S Africa’s Soweto town­ship cel­e­brates iconic street snack

Muscat Daily - - WORLD -

Soweto, South Africa - South Africa’s kota is a tasty, in­ex­pen­sive and uniquely home­grown street sand­wich cre­ated out of the bit­ter­ness of apartheid and which still has a spe­cial place in the hearts of many.

Its name is pid­gin for quar­ter - this case, a quar­ter of a loaf of bread, which forms the base of the sand­wich that can be found along most streets in Jo­han­nes­burg’s town­ship of Soweto. The quar­ter loaf is hol­lowed out and then filled with lay­ers of all sorts - potato fries, fried egg, Frank­furter and spicy pick­les.

Un­der the warm spring sun, hun­dreds of peo­ple thronged a Soweto town­ship square to pay homage to the cel­e­brated snack. “We are here to cel­e­brate town­ship food,” said fes­ti­val or­gan­iser Sid­well Tshingi­lane, stand­ing by dozens of stalls where chefs stood be­hind piles of fill­ings as pa­tient cus­tomers queued up for the snack. “Kota is born in the town­ship. We grew up eat­ing kota. It’s one of the street foods that is pop­u­lar like a burger in Amer­ica. We nor­mally call it our lo­cal burger,” Tshingi­lane said.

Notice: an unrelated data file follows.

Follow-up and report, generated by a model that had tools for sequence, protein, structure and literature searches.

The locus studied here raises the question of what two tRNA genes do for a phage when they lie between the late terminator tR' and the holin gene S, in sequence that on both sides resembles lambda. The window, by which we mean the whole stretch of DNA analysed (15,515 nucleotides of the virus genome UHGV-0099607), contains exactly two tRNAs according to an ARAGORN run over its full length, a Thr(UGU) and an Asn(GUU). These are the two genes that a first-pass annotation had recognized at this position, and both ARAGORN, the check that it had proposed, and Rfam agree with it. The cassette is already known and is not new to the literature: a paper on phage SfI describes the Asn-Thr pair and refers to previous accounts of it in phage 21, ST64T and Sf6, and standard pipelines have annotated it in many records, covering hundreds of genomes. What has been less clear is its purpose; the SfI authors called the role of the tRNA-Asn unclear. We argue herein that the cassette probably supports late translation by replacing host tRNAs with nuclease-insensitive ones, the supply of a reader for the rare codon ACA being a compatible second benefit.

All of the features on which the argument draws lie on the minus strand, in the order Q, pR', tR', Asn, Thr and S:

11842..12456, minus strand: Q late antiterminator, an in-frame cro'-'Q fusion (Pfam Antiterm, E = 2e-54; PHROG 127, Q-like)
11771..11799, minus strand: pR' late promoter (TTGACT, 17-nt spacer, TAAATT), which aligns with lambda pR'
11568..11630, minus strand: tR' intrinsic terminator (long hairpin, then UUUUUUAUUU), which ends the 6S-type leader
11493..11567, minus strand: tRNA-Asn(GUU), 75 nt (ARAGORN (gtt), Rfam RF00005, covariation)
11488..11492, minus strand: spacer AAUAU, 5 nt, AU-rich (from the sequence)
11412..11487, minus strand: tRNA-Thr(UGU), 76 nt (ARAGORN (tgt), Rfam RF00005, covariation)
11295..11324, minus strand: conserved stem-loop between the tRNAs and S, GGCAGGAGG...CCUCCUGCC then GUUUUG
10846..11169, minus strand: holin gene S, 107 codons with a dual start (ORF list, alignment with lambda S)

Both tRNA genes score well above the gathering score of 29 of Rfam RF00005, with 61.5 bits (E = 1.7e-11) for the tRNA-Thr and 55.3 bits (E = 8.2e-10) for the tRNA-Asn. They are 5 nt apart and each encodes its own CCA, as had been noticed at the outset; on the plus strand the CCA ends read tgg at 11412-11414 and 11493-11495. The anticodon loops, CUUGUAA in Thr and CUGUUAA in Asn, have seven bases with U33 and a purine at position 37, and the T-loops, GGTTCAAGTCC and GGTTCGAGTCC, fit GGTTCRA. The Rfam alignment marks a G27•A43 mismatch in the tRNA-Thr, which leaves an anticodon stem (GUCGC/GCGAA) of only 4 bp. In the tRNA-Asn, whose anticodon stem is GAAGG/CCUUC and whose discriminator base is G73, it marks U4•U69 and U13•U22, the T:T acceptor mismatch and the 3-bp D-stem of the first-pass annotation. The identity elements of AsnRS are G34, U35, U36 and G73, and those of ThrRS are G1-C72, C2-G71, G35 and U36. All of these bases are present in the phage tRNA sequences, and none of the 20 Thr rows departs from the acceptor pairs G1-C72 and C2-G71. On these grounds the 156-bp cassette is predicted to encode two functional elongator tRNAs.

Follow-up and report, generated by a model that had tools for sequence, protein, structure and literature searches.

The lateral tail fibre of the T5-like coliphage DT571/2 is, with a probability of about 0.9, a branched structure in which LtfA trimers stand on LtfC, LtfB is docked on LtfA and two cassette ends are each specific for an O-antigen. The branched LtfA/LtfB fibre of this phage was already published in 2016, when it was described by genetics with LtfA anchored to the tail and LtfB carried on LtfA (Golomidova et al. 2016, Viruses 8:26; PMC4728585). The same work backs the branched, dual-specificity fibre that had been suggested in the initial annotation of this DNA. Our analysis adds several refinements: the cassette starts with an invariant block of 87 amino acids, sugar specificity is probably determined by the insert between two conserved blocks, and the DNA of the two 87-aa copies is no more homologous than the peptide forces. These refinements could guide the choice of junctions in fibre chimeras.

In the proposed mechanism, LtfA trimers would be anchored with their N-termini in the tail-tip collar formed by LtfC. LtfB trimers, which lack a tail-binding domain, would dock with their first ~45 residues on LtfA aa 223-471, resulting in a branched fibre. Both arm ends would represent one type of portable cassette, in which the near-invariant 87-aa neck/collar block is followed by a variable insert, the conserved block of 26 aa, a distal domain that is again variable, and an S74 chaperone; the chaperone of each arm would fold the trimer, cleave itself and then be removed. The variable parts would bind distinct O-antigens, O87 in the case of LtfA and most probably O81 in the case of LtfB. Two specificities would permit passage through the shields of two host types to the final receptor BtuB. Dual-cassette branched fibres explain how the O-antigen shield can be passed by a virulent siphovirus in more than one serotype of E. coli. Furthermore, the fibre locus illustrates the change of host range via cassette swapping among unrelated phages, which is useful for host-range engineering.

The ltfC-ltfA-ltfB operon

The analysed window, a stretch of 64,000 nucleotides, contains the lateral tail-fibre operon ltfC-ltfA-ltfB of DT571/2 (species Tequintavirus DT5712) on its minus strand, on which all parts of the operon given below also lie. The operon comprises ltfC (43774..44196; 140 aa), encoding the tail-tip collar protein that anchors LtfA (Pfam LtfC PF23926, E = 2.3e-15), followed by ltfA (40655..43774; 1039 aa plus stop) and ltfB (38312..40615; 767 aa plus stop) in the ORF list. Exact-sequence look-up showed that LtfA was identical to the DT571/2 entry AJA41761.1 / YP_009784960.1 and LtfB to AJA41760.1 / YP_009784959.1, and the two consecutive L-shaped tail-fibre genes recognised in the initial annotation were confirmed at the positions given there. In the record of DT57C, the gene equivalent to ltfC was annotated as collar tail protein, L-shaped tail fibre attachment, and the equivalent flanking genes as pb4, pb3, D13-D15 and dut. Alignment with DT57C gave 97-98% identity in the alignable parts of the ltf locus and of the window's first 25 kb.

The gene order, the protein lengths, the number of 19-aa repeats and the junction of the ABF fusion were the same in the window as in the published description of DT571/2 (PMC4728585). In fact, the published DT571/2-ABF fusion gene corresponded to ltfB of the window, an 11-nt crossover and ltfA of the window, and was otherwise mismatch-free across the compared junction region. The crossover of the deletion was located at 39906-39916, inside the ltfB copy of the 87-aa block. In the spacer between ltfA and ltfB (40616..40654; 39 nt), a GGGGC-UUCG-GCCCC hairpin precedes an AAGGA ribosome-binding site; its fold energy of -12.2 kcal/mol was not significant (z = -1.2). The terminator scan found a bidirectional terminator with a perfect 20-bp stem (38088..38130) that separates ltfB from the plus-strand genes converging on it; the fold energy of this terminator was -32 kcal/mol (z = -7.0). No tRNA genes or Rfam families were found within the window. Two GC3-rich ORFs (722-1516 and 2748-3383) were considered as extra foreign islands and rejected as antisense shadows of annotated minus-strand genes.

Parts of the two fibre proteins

“Some peo­ple say it’s pop­u­lar like the brand Madiba,” he said, re­fer­ring to the coun­try’s much-loved anti-apartheid icon Nel­son Man­dela. “It’s af­ford­able, peo­ple in town­ships some­times don’t af­ford those fancy foods. So in­stead of go­ing to McDon­ald’s, they go to a kota out­let.”

The two-day kota fes­ti­val was held in the same Soweto square where the Free­dom Char­ter - a doc­u­ment de­mand­ing equal rights to ed­u­ca­tion, work, wealth and a de­cent liv­ing - was adopted by anti-apartheid groups in 1955.

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